APNewsBreak: Independent gubernatorial candidate in Mass. loses running mate

By Glen Johnson, AP
Friday, October 1, 2010

APNewsBreak: Cahill running mate quitting race

BOSTON — Independent gubernatorial candidate Timothy Cahill suffered another high-level defection Friday, as his running mate Paul Loscocco announced he was abandoning his campaign for lieutenant governor and instead endorsing Republican Charles Baker.

“I cannot sit idly by as my friends and supporters cast their votes for my ticket, knowing that the best chance to defeat Governor Patrick is with Charlie Baker,” Loscocco, a former Republican, said in a statement. “I cannot and will not let my ego get in the way of doing what is right for Massachusetts. So while this is a tough decision for me today personally, it is the right decision to put the future of our state ahead of my own self-interest.”

Loscocco’s name will still appear alongside Cahill’s an an independent candidate on the Nov. 2 ballot, but he will no longer campaign for the state’s No. 2 post.

“The ballots are already printed,” said Brian McNiff, spokesman for Secretary of State William F. Galvin. “Losocco is locked in as Cahill’s running mate.”

The most recent poll in the race showed Baker and the Democratic incumbent, Gov. Deval Patrick, in a statistical deadheat, with Patrick at 35 percent and Baker at 34 percent. Cahill lagged at 11 percent, only marginally better than Green-Rainbow Party candidate Jill Stein.

While that survey showed Cahill drawing evenly from potential supporters of both Baker and Patrick, many political analysts felt he was playing a spoiler’s role: too weak to beat Patrick, but potentially strong enough to prevent Baker from winning in a three-way race.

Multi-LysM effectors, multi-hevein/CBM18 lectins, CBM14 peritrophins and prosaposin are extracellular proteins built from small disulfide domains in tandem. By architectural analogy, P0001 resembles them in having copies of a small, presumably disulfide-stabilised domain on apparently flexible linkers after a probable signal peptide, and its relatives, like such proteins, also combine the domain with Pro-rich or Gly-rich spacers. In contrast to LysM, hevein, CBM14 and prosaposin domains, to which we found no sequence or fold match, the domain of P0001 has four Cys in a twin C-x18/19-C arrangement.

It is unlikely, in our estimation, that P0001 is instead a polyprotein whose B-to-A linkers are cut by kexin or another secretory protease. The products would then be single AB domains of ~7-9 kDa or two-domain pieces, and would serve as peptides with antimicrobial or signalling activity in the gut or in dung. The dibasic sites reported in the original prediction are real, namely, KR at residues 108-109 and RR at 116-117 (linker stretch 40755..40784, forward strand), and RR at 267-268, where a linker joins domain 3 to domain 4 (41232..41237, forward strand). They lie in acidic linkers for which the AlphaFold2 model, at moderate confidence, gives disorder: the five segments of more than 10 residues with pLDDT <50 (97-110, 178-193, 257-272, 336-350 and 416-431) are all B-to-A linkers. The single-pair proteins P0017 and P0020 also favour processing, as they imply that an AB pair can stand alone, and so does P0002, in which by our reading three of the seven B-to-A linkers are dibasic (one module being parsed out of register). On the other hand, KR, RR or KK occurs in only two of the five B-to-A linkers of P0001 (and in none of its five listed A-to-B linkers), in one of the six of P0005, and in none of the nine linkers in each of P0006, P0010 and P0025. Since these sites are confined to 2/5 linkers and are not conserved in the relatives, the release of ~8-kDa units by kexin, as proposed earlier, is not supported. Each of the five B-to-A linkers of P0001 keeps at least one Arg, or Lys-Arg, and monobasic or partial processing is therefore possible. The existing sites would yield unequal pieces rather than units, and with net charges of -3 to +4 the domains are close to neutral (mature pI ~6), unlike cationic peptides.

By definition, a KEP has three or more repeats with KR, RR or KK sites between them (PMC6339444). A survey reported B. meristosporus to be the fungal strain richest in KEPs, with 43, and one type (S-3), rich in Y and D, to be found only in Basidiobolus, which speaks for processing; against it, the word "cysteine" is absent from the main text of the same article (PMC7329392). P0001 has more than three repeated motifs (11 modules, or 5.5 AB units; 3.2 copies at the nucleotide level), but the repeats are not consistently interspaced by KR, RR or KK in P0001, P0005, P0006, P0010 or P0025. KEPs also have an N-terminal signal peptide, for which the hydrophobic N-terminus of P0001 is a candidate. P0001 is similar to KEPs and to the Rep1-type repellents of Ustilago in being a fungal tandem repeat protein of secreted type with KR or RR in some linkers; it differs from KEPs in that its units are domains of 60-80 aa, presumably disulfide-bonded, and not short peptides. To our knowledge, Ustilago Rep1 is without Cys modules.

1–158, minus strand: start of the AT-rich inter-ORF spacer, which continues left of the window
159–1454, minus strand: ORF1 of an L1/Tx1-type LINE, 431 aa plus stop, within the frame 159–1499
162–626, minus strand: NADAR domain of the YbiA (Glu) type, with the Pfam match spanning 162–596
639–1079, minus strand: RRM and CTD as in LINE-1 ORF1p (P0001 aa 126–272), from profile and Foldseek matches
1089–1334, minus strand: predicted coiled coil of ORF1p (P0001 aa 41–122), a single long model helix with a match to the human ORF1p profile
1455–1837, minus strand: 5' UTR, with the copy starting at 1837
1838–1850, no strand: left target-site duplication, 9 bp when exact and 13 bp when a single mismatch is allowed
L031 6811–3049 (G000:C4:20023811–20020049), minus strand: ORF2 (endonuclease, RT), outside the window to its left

Last week, both Cahill’s senior campaign strategist and campaign manager quit, citing that argument. Adviser John Weaver said he would not help elect “the most liberal candidate in the race” during an interview Thursday with The Associated Press, and that viewpoint was endorsed by former campaign manager Adam Meldrum when he resigned on Friday.

Cahill vowed to carry on his campaign at that time, saying he would rely on longtime political adviser Scott Campbell. Loscocco, a former four-term legislator from Holliston, was present in Cahill’s campaign office as he made the statement.

Cahill could not immediately reached for comment on Friday.

A campaign aide said Loscocco called Baker on Thursday night to tell him of his decision. Loscocco then called Cahill on Friday morning.

Loscocco planned to appear with Baker at an 11 a.m. news conference in the Republican’s campaign headquarters.

(This version CORRECTS that Loscocco’s name will still appear alongside Cahill’s name, not Baker’s.)

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